Oh yes, Jesus has read all the Ann Landers columns for years, the self-help books, friends from all over told him what was best for him and what the future held for him. He’s digested it all and now the 7 and 8 frames call him to something greater than himself. He suspects what it might be but is not entirely sure. He prays what he hopes it will not be but knows what he thinks it will be.
“Thank goodness, it’s the 9th frame. I thought it’d never come. Another beer! Only one more frame to go before I can place this heavy ball back into my bag. This heavy ball that has carried whatever I never wanted, what was placed upon me by life, what I carried inside myself that makes it so very, very heavy.
Roy Clark sang the song, “Yesterday When I Was Young,” and the song uses “tongue” as an image – a tongue to describe life’s regrets, successes, rewards, and punishments. Who would have thought of using a “tongue” as an image for life? Charles Aznavour. (Who would have thought of “Bowling” as an image for a Sunday sermon? Me!)
He begins the song…
“Yesterday when I was young
The taste of life was sweet as rain upon my tongue.
I teased at life as if it were a foolish game,
The way the evening breeze may tease a candle flame.
The thousand dreams I dreamed, the splendid things I planned
I’d always built to last on weak and shifting sand.
I lived by night and shunned the naked light of the day
And only now I see how the years ran away.”
He concludes the song…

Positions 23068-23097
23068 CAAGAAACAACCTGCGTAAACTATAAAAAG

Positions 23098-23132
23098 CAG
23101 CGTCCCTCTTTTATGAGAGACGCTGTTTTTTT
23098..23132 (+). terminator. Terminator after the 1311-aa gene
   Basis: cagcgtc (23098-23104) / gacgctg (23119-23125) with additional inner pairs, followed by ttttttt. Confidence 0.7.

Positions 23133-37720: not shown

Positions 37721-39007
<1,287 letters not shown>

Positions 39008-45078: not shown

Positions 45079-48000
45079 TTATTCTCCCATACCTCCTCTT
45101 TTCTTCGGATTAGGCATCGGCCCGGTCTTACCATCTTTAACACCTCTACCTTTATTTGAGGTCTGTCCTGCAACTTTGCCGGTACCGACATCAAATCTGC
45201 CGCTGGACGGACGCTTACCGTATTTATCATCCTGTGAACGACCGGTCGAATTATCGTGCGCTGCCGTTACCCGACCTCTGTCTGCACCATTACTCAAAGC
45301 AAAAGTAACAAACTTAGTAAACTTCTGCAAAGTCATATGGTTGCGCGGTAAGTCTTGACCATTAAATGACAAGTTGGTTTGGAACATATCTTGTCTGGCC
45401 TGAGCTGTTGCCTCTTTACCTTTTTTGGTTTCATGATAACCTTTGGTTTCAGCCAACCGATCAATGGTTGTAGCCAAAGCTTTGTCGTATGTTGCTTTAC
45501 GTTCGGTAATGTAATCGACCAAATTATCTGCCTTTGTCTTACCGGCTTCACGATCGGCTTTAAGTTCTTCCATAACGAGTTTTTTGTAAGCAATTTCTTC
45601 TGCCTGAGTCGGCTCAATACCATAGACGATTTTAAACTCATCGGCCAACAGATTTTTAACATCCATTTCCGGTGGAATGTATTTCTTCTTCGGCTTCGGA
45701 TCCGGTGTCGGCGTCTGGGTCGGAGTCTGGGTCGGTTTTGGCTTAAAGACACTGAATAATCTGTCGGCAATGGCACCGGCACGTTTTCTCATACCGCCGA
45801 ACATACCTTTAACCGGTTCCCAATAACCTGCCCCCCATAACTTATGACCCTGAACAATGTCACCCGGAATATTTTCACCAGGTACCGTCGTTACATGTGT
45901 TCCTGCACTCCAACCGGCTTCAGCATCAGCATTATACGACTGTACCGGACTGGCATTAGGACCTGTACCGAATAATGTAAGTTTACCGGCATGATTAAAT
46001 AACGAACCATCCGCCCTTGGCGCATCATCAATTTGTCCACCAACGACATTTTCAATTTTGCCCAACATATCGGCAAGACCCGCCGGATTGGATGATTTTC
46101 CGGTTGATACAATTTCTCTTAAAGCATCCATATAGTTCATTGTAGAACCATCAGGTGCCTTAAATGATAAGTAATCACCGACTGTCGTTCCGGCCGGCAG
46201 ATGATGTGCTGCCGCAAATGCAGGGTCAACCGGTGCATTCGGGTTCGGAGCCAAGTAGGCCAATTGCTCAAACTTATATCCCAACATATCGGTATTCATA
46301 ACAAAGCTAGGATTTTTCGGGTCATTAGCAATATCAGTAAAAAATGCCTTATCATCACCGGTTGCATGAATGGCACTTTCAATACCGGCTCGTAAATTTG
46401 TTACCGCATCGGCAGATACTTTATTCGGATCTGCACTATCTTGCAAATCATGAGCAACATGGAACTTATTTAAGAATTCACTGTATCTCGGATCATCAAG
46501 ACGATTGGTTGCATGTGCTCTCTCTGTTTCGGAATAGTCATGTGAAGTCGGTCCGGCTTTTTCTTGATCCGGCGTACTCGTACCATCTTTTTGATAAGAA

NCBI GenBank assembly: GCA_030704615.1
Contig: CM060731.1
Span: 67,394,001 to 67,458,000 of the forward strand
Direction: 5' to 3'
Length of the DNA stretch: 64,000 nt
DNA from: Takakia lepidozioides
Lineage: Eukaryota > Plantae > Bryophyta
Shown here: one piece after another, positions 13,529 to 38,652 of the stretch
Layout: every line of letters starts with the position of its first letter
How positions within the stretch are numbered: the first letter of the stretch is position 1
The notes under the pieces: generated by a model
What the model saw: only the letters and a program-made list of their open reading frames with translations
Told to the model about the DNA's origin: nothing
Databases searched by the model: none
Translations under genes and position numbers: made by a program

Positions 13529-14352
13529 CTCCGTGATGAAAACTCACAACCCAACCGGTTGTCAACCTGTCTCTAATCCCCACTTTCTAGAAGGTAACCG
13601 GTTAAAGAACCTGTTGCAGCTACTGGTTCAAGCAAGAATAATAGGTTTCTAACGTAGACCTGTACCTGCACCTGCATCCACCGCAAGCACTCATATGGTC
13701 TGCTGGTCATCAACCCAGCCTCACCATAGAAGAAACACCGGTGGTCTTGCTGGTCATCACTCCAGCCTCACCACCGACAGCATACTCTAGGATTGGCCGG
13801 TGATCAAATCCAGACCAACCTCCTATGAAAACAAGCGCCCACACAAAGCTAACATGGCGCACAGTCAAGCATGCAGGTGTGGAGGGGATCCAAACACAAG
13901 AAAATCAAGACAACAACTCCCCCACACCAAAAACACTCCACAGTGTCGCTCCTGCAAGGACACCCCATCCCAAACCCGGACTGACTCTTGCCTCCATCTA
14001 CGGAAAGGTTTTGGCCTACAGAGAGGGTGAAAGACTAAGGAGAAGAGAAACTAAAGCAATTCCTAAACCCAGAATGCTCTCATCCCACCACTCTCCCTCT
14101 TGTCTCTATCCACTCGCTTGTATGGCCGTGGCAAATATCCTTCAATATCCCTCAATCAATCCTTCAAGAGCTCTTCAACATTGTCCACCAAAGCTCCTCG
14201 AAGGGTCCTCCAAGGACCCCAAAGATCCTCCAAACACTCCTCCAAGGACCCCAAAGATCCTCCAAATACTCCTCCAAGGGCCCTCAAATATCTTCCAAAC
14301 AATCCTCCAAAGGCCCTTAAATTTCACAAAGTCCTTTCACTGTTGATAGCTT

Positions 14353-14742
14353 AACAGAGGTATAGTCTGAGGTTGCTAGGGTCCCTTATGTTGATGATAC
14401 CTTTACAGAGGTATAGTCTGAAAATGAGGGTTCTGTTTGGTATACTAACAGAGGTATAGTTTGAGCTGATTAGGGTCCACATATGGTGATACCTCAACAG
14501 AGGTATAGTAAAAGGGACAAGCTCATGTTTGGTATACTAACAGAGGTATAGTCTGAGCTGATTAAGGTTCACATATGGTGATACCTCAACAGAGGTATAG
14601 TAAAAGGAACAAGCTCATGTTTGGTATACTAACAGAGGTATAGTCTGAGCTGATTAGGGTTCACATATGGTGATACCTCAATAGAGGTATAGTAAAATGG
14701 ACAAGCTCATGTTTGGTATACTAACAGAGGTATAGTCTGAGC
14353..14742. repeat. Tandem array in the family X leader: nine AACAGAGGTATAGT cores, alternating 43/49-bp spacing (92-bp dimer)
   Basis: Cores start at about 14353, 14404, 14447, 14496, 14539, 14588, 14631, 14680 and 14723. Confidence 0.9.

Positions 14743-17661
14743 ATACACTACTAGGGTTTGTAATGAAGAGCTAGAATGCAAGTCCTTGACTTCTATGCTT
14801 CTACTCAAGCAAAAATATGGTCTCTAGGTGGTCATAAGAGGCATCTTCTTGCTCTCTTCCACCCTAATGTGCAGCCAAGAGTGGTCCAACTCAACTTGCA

“There are so many songs in me that won’t be sung,
I feel the bitter taste of tears upon my tongue.
The time has come for me to pay for
Yesterday when I was young…”
Enjoy Roy Clark’s, “Yesterday When I Was Young”
The 10th frame. It’s your final throw and the game is completed. The shoes and ball are safely tucked into your bag, your teammates wave and smile as they return to their homes and families and as Roy sings, “Only I am left on stage to end the play.” This play, this game we call life. Jesus played all the frames and came out to be to the Son of God. Who would have thought? And now what lives within us is a Kingdom of complete mercy, total forgiveness, and an enduring hope.
There are many opportunities in between those 3, 6 and 9 frames but it is those frames that help define and make us who we are today.
Whatever the weight of your life’s bowling ball, carry it carefully because it contains concerns for your children and friends, our society and your own well-being. Carry it carefully, hold it close to your chest, and even when it gets too heavy but never, ever left go of it.
Those shoes that you would never wear in public are safely tucked away in memories, reminiscences, passing thoughts about your past.
The jersey? Keep your jersey because it represents community, fellowship and family. Your jersey doesn’t say on the back, “Wonder Bar” but it says that you led a life to the best of your ability, you’ve made mistakes and you’ve accomplished successes. The mistakes, Lord, are for you to unravel and figure out. I only want to hold on to my successes.
Do you think Jesus kept his life’s bowling jersey with the same message on the back of it? I think he did because we’re on the same bowling team.
Books by Fr. Joe Jagodensky, SDS.
Available at Amazon.com:
“Soulful Muse,” reflections on the Catholic Church and American culture
“Living Faith’s Mysteries,” reflections on the Christian seasons of
Advent/Christmas, & Lent/Easter
“Spiritual Wonderings and Wanderings,” reflections on the Catholic Church
and American culture
The newest book is “Letters From My Cats,” a collection of writings
from my cats’ perspectives